In order to overcome the disease and prevent it from spreading to other wild reindeer areas, the entire wild reindeer population in zone 1 at Norfjella was culled in 2017 and 2018. Unfortunately, the disease was detected once again at Hardangervidda in 2020. A bull was shot during regular hunting and a sample taken from the animal confirmed infection. There is reason to believe that several animals are infected in the Hardangervidda wild reindeer herd, however, infection has only been confirmed in the one animal. Large-scale sampling of wild reindeer killed during the hunting season has been conducted in all wild reindeer areas.
A great deal of work has been done to map the prevalence of the disease and to limit it from spreading. For example, efforts are being put in to prevent wild reindeer from wandering between different wild reindeer areas. Other measures include reducing the population size and the number of bulls in order to prevent the disease from spreading. It is particularly important that the animals can use the entire wild reindeer area so that they are not forced to concentrate themselves in one limited area. Work has specifically focused on preventing wild reindeer from wandering between Setesdal Ryfylke Wild Reindeer Area and Hardangervidda Wild Reindeer Area, as well as reducing the number of bulls in the herd.
As of present, CWD has not been detected in Setesdal Ryfylke. You can read more about CWD at Hjortevilt.
Hoof rot in wild reindeer is caused by a bacterial infection that enters the body through tears and cuts to the skin. The bacterium causes inflammation of the soft tissues of the foot, but it can also affect joints and bone tissue. The hooves and feet of wild reindeer that have had hoof rot for a long time become deformed, so-called ‘club feet’. Hoof rot is rarely fatal in itself, but it reduces the animals’ general condition and often leads to emaciation and death from other causes. Due to the fact that wild reindeer live in herds, infections will often spread between individuals. Individuals that are in good condition and have a strong immune system will normally be less prone to hoof rot.
Hoof rot in wild reindeer has been detected at Setesdal Ryfylke and the disease seems to be on the rise in several wild reindeer areas. The causes are rather complex and are due to a combination of warmer and wetter weather, as well as poor health in some of the wild reindeer populations. Infection between individuals will normally occur more quickly when the herd is confined to a limited area over time.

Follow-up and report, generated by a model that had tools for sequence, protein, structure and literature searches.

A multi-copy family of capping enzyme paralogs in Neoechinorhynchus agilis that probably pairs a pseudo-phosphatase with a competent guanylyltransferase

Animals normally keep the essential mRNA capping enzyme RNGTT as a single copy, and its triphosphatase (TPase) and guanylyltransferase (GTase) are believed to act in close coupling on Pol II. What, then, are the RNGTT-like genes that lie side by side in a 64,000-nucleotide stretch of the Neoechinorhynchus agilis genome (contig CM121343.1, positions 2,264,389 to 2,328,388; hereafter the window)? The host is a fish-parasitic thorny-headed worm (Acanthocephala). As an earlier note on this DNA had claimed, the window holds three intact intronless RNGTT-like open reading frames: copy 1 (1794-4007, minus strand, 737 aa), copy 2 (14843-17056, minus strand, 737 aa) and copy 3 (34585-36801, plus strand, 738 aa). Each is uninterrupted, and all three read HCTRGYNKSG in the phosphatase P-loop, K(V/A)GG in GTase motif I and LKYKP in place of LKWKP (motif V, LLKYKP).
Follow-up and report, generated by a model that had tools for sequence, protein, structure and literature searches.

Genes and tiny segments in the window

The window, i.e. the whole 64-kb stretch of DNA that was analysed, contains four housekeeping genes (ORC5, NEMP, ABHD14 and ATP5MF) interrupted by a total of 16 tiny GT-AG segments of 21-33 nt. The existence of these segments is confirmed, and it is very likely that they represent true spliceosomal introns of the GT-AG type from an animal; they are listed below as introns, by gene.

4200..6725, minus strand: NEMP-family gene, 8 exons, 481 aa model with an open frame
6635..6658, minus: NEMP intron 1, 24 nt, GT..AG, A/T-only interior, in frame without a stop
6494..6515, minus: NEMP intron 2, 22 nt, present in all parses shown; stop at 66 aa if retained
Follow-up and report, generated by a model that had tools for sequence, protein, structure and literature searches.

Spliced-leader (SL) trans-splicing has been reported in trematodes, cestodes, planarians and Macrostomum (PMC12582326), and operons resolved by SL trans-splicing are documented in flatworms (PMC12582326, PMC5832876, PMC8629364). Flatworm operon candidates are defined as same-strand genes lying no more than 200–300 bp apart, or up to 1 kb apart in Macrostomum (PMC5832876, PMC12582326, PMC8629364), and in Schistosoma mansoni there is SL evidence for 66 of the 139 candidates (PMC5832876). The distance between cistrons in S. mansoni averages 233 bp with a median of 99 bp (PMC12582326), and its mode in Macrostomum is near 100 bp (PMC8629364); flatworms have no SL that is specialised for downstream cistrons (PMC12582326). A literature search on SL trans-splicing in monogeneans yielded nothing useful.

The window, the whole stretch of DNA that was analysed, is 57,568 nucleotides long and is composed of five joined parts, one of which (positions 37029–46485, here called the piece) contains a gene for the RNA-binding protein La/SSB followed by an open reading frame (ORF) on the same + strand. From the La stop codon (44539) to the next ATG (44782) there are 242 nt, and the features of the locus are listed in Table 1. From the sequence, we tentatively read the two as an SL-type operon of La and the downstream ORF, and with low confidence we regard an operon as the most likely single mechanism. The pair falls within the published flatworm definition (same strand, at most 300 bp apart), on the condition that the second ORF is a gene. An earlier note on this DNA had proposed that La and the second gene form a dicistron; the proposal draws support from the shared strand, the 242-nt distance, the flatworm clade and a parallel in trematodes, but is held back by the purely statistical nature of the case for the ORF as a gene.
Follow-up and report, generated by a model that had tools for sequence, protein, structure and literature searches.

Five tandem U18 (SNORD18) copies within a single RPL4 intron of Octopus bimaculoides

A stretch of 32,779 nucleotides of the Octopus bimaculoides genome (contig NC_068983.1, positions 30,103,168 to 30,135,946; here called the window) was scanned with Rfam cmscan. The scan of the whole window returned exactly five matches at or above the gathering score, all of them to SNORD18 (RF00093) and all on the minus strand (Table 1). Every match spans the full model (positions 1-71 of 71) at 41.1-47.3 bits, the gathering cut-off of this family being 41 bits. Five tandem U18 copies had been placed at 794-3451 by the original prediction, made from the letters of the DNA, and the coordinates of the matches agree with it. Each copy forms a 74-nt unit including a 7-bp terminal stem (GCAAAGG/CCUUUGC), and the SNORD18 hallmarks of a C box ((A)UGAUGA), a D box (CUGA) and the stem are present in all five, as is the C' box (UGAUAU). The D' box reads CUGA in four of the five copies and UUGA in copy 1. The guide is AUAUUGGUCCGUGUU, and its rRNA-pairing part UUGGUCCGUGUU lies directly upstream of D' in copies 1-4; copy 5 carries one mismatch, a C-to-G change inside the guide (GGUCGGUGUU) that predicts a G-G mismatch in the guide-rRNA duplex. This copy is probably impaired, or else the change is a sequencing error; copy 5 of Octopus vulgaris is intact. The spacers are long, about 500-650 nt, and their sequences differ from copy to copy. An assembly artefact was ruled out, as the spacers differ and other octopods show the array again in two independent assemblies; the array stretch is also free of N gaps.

You can read more about hoof rot at the Norwegian Veterinary Institute.
Climate change will affect the wild reindeer at Setesdal Ryfylke. Milder winters with more rain, and temperatures that fluctuate above and below freezing mean that the grazing grounds will often freeze over with a layer of ice. Occasionally, large amounts of snow may also fall in the high mountains making it difficult for the wild reindeer to dig down and find their food. Warmer summers will provide better conditions for insects and parasites which live on the wild reindeer. Large snowdrifts will melt much faster and there will be fewer places where the wild reindeer can cool themselves down and get away from the insects on the hottest days. This stresses the animals and they spend less time grazing.
Competition from sheep
In general, there isn’t enough knowledge about how sheep and wild reindeer influence each other. During the summer, there is usually an overlap regarding the plants they both prefer to eat. Approximately 60,000 sheep are put out to graze each year at Setesdal Ryfylke, but the concentration of animals varies greatly between areas. Most of these sheep can be found in the area around Rosskreppfjorden. All in all, the sheep grazing industry generates motorized traffic and a lot of activity in the central wild reindeer grazing area.
You can read more about the effects of sheep grazing by visiting the National Park Board’s website.